What would be some ways to say "next star", "the next star" or something very similar in Latin? By next I mean next as in "the next star to visit/conquer/study", not &...
3
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2answers
218 views

Does anyone know what the New Latin adaption of iens (family to eo) was?

I am guessing jens since j was the most common heading alphabet for replacing i as a first letter. Addendum for clarity: One of New Latin's nominations was the adjustment to spelling of certain words, ...
8
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1answer
264 views

Differences between cano and canto

In Cap. X of LLPSI, Ørberg introduces the verb cano, having introduced canto in a previous chapter. The usage of both so far is just sing, but are there more nuanced differences between the two? From ...
8
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1answer
688 views

How do I say “Don't forget to forgive” in Latin?

I would like say in latin "Don't forget to forgive". It would be like a declarative/recommendation statement.
9
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1answer
1k views

How to say “black market” in Latin?

How does one say "black market" in Latin? According to the OED, this word first originated in English in 1727.
5
votes
1answer
153 views

How do you say “anything is possible” in Latin?

If you wanted to say that anything is possible in Latin, how would you do it? One possibility I thought of was something like: Omne posse I'm not sure that omne quite captures the nuance of anything ...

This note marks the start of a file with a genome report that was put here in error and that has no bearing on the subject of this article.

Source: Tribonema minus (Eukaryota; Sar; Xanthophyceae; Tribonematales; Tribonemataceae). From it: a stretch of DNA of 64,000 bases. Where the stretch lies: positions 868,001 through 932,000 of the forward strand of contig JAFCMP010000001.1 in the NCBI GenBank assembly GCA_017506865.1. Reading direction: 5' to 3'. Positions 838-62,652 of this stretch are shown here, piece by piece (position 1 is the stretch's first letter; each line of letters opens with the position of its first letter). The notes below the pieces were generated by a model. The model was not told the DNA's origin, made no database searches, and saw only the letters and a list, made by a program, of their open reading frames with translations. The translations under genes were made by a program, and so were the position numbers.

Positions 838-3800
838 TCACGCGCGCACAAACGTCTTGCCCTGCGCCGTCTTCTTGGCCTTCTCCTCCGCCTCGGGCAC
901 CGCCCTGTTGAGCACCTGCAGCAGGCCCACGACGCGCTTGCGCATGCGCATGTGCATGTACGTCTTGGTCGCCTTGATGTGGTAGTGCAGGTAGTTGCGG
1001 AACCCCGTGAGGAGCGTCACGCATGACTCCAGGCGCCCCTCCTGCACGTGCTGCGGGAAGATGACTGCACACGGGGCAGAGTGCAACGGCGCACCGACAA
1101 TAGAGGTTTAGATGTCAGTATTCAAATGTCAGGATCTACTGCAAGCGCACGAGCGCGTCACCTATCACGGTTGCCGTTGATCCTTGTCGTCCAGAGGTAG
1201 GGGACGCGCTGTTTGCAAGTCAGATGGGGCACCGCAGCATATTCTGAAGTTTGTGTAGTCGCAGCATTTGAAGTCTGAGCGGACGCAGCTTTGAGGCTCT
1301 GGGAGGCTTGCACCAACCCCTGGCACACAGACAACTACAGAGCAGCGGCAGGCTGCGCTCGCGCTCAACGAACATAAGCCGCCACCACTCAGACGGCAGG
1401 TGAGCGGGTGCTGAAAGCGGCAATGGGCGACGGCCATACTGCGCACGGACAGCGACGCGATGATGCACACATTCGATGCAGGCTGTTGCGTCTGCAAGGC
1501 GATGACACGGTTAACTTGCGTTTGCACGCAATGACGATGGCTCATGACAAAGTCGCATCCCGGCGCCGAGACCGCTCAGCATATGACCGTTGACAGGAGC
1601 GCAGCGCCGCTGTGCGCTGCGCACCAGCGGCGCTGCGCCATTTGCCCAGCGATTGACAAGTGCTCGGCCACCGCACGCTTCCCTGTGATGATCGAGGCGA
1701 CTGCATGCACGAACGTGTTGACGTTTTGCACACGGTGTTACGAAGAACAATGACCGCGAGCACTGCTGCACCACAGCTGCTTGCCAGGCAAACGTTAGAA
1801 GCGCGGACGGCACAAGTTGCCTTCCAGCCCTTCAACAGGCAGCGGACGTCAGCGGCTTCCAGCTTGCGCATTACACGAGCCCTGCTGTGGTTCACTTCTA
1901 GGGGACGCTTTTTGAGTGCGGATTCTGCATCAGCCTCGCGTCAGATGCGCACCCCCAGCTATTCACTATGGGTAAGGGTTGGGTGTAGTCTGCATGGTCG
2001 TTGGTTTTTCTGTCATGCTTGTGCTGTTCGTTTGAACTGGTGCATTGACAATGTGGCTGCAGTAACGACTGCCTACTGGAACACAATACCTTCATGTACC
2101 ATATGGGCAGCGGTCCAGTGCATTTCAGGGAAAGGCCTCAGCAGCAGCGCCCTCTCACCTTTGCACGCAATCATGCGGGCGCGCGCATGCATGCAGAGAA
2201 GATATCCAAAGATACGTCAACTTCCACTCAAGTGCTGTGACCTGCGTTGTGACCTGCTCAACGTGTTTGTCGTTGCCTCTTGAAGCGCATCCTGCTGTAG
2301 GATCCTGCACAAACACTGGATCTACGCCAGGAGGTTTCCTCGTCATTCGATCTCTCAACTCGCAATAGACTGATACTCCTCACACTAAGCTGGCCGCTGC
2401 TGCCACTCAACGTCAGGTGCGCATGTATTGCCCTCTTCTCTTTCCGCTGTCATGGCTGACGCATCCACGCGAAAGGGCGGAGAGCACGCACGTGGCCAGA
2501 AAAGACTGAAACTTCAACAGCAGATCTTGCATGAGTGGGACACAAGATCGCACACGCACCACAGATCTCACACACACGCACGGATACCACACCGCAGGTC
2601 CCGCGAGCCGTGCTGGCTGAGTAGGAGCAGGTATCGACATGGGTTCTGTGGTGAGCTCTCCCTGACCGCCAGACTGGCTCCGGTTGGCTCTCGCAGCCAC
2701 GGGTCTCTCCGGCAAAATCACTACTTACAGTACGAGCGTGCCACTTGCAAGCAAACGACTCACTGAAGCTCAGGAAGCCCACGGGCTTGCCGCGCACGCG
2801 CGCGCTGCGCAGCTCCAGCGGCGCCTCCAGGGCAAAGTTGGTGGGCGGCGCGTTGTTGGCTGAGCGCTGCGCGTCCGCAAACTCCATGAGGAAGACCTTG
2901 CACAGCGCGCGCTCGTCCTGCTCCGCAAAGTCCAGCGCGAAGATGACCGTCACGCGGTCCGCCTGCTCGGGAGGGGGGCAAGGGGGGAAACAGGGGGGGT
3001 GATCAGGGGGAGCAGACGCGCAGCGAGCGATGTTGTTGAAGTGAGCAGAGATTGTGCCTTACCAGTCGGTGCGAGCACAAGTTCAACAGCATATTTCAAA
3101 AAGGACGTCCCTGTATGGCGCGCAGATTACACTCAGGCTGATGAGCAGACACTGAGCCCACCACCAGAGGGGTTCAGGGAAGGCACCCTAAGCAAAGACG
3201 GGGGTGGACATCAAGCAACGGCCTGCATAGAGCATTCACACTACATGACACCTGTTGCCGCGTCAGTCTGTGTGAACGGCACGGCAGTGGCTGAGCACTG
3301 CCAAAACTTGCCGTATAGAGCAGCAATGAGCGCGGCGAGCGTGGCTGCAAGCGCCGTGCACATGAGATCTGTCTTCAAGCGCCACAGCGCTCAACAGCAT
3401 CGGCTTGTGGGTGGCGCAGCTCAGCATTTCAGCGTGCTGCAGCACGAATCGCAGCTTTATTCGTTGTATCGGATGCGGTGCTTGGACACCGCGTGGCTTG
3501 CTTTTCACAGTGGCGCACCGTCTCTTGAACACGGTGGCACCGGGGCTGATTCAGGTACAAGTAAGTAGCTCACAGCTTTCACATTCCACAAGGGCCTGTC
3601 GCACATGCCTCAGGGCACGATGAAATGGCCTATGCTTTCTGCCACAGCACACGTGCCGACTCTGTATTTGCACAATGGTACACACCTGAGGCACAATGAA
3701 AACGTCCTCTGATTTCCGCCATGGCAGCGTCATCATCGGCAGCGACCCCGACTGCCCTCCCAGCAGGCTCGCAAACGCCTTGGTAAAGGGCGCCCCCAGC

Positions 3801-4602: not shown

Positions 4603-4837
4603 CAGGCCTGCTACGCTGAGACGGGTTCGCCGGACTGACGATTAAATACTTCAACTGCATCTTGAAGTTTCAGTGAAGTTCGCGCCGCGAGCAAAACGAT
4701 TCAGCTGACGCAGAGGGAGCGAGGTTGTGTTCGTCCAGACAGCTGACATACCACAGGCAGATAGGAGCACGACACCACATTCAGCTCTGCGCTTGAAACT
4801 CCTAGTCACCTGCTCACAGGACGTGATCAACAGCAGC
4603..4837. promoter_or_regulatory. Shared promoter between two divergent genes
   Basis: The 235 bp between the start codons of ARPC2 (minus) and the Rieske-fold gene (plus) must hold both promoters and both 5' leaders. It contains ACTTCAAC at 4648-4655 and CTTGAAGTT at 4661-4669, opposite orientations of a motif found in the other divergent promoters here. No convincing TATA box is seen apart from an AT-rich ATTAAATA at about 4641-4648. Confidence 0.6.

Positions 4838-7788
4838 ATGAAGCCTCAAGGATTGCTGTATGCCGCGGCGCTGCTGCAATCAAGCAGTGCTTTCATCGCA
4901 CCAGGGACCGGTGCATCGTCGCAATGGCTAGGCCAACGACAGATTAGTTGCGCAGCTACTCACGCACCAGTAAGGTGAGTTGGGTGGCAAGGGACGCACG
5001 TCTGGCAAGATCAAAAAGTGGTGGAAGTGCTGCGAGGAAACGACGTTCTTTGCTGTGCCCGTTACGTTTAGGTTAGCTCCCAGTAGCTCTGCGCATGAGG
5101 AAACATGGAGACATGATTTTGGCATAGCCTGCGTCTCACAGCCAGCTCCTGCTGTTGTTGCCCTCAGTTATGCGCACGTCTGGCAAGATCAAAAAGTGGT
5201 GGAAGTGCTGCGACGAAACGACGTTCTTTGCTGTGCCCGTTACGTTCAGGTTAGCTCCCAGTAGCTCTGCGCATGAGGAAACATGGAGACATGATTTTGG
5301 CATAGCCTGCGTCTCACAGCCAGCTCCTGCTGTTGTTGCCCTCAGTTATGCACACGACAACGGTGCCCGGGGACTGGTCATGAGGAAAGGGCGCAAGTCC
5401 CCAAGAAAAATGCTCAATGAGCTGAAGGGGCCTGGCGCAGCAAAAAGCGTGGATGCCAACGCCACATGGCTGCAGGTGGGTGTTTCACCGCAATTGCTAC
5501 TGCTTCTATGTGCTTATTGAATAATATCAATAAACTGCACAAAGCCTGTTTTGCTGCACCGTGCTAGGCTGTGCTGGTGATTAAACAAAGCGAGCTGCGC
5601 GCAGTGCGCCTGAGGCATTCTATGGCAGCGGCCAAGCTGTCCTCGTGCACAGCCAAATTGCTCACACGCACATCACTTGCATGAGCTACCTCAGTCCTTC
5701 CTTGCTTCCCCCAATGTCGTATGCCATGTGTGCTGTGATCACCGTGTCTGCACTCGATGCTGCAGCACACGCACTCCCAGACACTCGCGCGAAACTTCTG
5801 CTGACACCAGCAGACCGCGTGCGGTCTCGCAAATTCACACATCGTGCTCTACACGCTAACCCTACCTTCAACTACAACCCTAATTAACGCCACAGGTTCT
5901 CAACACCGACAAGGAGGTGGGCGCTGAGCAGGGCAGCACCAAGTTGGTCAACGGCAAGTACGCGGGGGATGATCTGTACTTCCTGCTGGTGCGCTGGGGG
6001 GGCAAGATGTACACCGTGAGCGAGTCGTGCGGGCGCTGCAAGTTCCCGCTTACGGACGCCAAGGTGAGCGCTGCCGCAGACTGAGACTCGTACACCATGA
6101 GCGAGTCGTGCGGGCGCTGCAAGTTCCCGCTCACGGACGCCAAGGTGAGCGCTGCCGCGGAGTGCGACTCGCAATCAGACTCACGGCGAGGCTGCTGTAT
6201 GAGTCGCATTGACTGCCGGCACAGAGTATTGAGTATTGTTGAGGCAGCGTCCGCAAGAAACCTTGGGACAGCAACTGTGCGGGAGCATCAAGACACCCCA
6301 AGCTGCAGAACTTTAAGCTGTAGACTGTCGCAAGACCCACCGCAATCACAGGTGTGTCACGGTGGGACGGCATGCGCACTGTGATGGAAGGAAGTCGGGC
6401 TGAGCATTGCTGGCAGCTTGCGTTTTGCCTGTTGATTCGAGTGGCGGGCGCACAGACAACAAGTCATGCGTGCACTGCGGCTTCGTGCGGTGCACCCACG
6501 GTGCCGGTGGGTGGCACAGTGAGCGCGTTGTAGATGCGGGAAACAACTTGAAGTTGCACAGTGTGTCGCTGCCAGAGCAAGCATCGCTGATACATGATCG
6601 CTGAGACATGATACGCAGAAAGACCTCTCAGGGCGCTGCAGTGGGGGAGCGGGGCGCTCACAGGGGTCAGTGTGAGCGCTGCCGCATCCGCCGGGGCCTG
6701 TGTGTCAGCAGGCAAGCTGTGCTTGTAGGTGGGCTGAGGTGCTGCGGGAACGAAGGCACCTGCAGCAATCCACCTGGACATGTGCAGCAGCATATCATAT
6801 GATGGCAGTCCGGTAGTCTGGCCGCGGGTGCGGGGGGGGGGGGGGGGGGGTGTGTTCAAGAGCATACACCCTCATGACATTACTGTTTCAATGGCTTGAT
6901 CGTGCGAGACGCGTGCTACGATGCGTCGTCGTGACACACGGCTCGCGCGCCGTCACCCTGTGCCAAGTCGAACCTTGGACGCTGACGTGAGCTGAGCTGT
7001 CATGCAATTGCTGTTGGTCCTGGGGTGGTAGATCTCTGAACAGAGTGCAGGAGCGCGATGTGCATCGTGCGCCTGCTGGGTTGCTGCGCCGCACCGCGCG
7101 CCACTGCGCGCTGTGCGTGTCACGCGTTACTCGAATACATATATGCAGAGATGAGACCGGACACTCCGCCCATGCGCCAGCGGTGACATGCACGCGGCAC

8
votes
1answer
144 views

Usage of quidquid: “dominetur piscibus aquatilibus … et quidquid in terra movetur”

In Gen. 1:26 by Sebastian Castellio: ita fatur: Faciamus hominem ad imaginem nostram, nostri similem, qui dominetur piscibus aquatilibus, volucribus aereis, pecudibus, denique toti terrae, et ...
7
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1answer
339 views

Is Greek ἀρά, prayer, cognate with Latin ara, altar?

Is Greek ἀρά, prayer, cognate with Latin ara, altar? Wiktionary had ἀράομαι, with the etymology pointing to a red-linked ἀρά. I created an entry for ἀρά based on LSJ, but I have no source of ...
5
votes
1answer
143 views

The verb 'utor' in gerundive constructions

I was wondering about the logic of the usage of the verb utor in gerundive constructions. The following relevant quote is from Woodcock's (1959: 164) A New Latin Syntax: "one can say ad hanc rem ...
14
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2answers
1k views

What would an election campaign be called in Latin?